The gunshot paralyzed Cortez from the neck down. He died more than five years later.

The department cleared Gonzalez of any wrongdoing administratively, but he was indicted in July 2011 on two counts of aggravated assault. His trial has been repeatedly delayed. He continued to work at the department after his indictment until he was fired in 2014 in an unrelated case for rule violations, according to Jim Darnell, Gonzalez’s attorney.

In two cases, officers faced criminal charges for their actions related to a shooting, though not for actually pulling the trigger.

In 2011, Dallas police Sgt. Stormy Magiera shot at a man she said was attempting to rob her at knifepoint, but she missed. An investigation revealed there had been no robbery, and Magiera was trying to illegally purchase hydrocodone at the time of the shooting, according to a Facebook post from the Dallas Police Department.

She was fired from the department and pleaded guilty to obtaining the drug by misrepresentation, but she was not charged for the shooting. She was sentenced to two years of probation in 2014 for the drug charge, according to Dallas County records.

And in 2013, Laredo Officer Frank Carter was sentenced to one year in federal prison for violating the civil rights of an arrestee while off duty. Carter was working security at a McDonald's and approached a car that had pulled up to the closed restaurant, according to the department’s investigative summary. Surveillance video showed that when he walked around to the driver's side, the car took off. Carter ran alongside it before shooting at the vehicle as it drove away.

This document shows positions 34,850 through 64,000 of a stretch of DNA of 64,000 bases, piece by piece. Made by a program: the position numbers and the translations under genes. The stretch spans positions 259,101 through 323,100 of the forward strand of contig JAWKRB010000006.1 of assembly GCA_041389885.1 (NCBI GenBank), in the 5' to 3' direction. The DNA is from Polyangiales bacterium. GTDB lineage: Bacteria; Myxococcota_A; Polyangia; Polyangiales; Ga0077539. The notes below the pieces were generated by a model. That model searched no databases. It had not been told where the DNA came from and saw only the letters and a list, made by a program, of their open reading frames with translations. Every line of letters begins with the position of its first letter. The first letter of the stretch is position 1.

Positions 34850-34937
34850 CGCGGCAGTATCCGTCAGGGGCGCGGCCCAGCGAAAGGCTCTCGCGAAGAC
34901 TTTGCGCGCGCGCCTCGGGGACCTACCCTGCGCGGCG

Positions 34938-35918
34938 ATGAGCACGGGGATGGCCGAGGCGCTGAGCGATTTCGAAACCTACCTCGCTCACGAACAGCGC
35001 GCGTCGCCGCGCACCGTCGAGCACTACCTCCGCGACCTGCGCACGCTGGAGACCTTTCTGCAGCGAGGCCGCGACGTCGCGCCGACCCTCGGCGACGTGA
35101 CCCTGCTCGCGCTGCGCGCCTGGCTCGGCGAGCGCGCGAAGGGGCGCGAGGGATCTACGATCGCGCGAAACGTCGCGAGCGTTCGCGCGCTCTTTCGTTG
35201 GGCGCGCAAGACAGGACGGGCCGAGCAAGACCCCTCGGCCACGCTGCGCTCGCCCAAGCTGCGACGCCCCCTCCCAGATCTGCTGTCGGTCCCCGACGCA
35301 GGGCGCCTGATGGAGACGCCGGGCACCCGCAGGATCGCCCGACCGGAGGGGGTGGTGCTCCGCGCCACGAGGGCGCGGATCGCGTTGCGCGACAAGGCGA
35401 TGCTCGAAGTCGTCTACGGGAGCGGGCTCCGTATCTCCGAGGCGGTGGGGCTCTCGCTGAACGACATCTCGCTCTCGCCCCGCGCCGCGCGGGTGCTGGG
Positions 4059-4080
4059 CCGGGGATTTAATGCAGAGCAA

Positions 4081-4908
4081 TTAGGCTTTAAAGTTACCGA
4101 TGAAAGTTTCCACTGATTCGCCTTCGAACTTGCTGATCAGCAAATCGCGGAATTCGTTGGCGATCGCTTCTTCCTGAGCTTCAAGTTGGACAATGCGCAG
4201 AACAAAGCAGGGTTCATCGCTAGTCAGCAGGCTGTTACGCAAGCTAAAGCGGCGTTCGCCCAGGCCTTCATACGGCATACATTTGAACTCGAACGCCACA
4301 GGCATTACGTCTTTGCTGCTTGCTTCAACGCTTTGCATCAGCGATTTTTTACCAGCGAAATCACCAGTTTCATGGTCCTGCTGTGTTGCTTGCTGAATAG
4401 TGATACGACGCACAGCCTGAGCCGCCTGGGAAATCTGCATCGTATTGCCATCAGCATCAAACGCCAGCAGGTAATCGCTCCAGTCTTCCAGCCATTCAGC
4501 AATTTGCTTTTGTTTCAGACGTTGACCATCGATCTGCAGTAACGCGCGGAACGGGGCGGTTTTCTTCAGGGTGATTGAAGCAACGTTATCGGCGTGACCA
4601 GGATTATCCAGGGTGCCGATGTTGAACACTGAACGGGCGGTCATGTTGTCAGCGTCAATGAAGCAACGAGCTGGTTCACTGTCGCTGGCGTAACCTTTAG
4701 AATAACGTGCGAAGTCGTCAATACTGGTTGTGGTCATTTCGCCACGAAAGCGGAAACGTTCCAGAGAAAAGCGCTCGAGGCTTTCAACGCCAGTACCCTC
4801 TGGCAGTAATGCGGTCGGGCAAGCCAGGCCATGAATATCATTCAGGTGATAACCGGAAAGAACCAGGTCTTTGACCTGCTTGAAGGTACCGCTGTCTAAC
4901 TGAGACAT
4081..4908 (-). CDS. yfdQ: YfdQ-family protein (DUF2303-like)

Carter wasn’t charged for pulling the trigger. Instead, he pleaded guilty and resigned from the department after it was found that he repeatedly punched and yelled at the car's driver when he was later handcuffed in the backseat of another officer’s car.

Never fully private citizens

In 11 cases identified by the Tribune, officers shot at people in situations similar to what any private citizen might face — fighting off a mugger or reacting to a burglar at their home. Even in those cases, though, the initial investigative process for officers differs from that for civilians.

No matter if the officer seems to be acting outside of a police capacity in a shooting, typically, a police association attorney arrives shortly after the incident to represent the officer, and the officer's own department is on scene investigating.

Experts disagree on how big a role the officer's badge plays from the start. Howard Williams, the former police chief, said in a clear-cut self defense case, no citizen or officer would be arrested on the scene. Kenneth Williams, the Houston College of Law professor, said officers are given the upper hand.

"[Citizens] are much more likely to be arrested immediately after the shooting than a police officer [in self-defense cases],” he said. "It almost never happens with a police officer when there’s any type of plausible self-defense claim."

Self defense was the explanation Arlington police Sgt. Thedrick Andres gave. He shot and killed Juan May, a 45-year-old ship captain and U.S. Marine Corps veteran, after a summer night of partying in 2014 ended with hot words, a fight and a single gunshot.

May and Andres had been among a group celebrating May’s cousin’s birthday, hopping from club to club in a rented party bus. The two men had never met before.

After the party bus returned to the meetup point at a Pappadeaux restaurant in Duncanville, Andres approached May, said Jindia Blount, May’s younger sister, in a recent interview with the Tribune.